Economists have a disconcerting habit of studying their own models for so long that they lose track of reality; one such tendency is to focus on “efficiency” to the exclusion of all other values in human relations. Political scientists do the same thing with concepts like “regime preservation.” But understanding that all professions suffer from down-the-rabbit-hole syndrome doesn’t lessen the discomfort of listening to yet another political scientist explain the brilliant maneuvering of three generations of Kims in transforming North Korea into…uh…nuclear-armed penury?
The Kim regime’s fixation on nuclear weaponry and its tragic misreading of history was on display again a couple of weeks ago in a truly classic KCNA commentary, “Nuclear Test, Part of DPRK’s Substantial Countermeasures to Defend Its Sovereignty.” Starting off with the usual demonizing of the United States, then moving on to a justification for its development of nuclear weapons as a defensive measure, the commentary concludes “The tragic consequences in those countries which abandoned halfway their nuclear programs, yielding to the high-handed practices and pressure of the U.S. in recent years, clearly prove that the DPRK was very far-sighted and just when it made the option. They also teach the truth that the U.S. nuclear blackmail should be countered with substantial countermeasures, not with compromise or retreat.”
OK, so let’s run through which countries have given up nuclear weapons or terminated significant development programs. How did they fare?
South Africa is a great place to start. Pretoria gave up nuclear weapons, experienced a successful non-violent transition from apartheid to an inclusive democracy, and hosted the World Cup.
Next stop former republics of the Soviet Union: Belarus, Kazakhstan, and Ukraine. Collectively, the post-nuclear political histories of these three have not been as successful as South Africa, but do the Rawlsian experiment: would anyone actually prefer a random assignment to North Korea over one of these three countries?
How about countries that abandoned programs halfway through? Well there’s Argentina and Brazil. Personally I prefer the samba parades at Carnival to the Arriang Festival. Advantage South America.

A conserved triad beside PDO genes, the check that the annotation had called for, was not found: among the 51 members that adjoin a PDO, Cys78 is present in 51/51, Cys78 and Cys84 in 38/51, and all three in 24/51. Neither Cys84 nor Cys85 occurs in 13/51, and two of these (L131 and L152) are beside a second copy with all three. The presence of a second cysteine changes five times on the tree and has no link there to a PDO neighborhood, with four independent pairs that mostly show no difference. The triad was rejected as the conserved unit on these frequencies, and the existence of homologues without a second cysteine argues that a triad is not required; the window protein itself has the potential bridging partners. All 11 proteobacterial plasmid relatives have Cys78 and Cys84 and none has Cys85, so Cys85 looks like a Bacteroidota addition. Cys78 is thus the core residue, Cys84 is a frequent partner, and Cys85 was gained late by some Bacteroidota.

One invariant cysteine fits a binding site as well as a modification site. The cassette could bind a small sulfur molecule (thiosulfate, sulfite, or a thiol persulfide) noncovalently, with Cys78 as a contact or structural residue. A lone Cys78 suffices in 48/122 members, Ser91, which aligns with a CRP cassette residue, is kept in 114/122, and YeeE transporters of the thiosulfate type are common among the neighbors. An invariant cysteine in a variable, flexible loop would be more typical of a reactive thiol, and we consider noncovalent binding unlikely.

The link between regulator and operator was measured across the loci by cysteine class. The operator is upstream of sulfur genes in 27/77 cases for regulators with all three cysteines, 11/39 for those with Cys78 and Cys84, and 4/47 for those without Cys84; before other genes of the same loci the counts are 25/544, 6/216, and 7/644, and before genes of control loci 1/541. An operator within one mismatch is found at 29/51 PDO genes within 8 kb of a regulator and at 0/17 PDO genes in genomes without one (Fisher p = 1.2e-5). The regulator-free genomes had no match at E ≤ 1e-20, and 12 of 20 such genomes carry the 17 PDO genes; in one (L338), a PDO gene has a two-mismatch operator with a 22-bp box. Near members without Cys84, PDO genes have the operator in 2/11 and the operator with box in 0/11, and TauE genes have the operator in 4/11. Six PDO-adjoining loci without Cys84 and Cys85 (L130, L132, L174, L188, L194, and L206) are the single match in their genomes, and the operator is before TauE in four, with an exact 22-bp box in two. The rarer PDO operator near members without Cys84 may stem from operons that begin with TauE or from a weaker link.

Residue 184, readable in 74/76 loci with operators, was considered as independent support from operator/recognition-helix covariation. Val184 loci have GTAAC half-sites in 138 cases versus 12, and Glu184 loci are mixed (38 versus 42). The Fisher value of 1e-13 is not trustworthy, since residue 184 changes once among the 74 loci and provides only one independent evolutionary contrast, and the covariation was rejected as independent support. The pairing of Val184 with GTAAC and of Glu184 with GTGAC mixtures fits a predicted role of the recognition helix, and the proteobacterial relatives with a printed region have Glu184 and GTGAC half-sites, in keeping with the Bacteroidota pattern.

And then the knottiest case: Libya. When KCNA writes of “tragic consequences” presumably it has in mind Libyan leader Muammar Gaddafi, beaten to death in a culvert. True, NATO would have been vastly more hesitant to enter the fray if Libya had been nuclear-armed, and that would have given the Libyan air force a freer hand. But then what? Nuke Benghazi? Gaddafi faced a vast popular uprising in response to decades of misrule. Lack of NATO air support would have delayed the final resolution, but it is not at all clear that it would have changed the final outcome. The final chapter in Syria has yet to be written. If Kim Jong-un is looking for a role model, better Frederik Willem de Klerk than Bashar Assad.
I won’t even get into the “tragedy” of the collapse of Central European communism. A quick glance at the Tony Namkung North Korea v. Slovakia index settles that one.
So, let’s stop examining arguments that don’t conform with the evidence and look at one that really matters. An op-ed I wrote following North Korea’s first test in 2006 remains sadly relevant today: “In the long run, North Korea’s action threatens to set off an arms race in Northeast Asia, a region of rich, technologically advanced states. In Japan the North Korean action will strengthen political elements wishing to see it become more of a “normal country” with a more robust military capability and assertive foreign policy. From the standpoint of new Prime Minister Shinzo Abe, North Korea’s nuclear test is an unwelcome development, but the timing could hardly be better.” The third test is in fact strengthening voices in both Japan and South Korea which would like to reconsider their respective countries decisions not to go nuclear.
Again, as I wrote in 2006: “Given its history and specific sensitivities as the only country to ever be victimized by their use, Japan will not immediately “go nuclear” though it has the nuclear, technical, and financial resources to do so. Rather, in the short run, Japan will respond by increasing its defense budget and enhancing cooperation with the United States. However, if North Korean belligerency intensifies, it is not inconceivable that Japan would permit the stationing of short-range nuclear missiles under US control on its soil. Such missiles would be intended as a deterrent against North Korea, with the maintenance of US control meant to reassure the rest of Asia that such a development did not represent the resurgence of unchecked Japanese militarism. In the long run, Japan could develop its own independent capability. The only constraint is political.
Another party that will watch these developments closely is Taiwan. In some ways in an analogous position to North Korea—feeling threatened militarily by a much larger power—if North Korea is able to develop a nuclear weapons capability without suffering severe penalties, the Taiwanese will surely consider emulation…
Which raises the issue of South Korea itself. Again, South Korea is capable of producing nuclear weapons and only foreswore their development under US pressure. South Korea also may be eventually tempted to emulate, especially if Japan goes nuclear.
In the end, China may find itself surrounded by nuclear powers.”
So tell me, who are the fools here?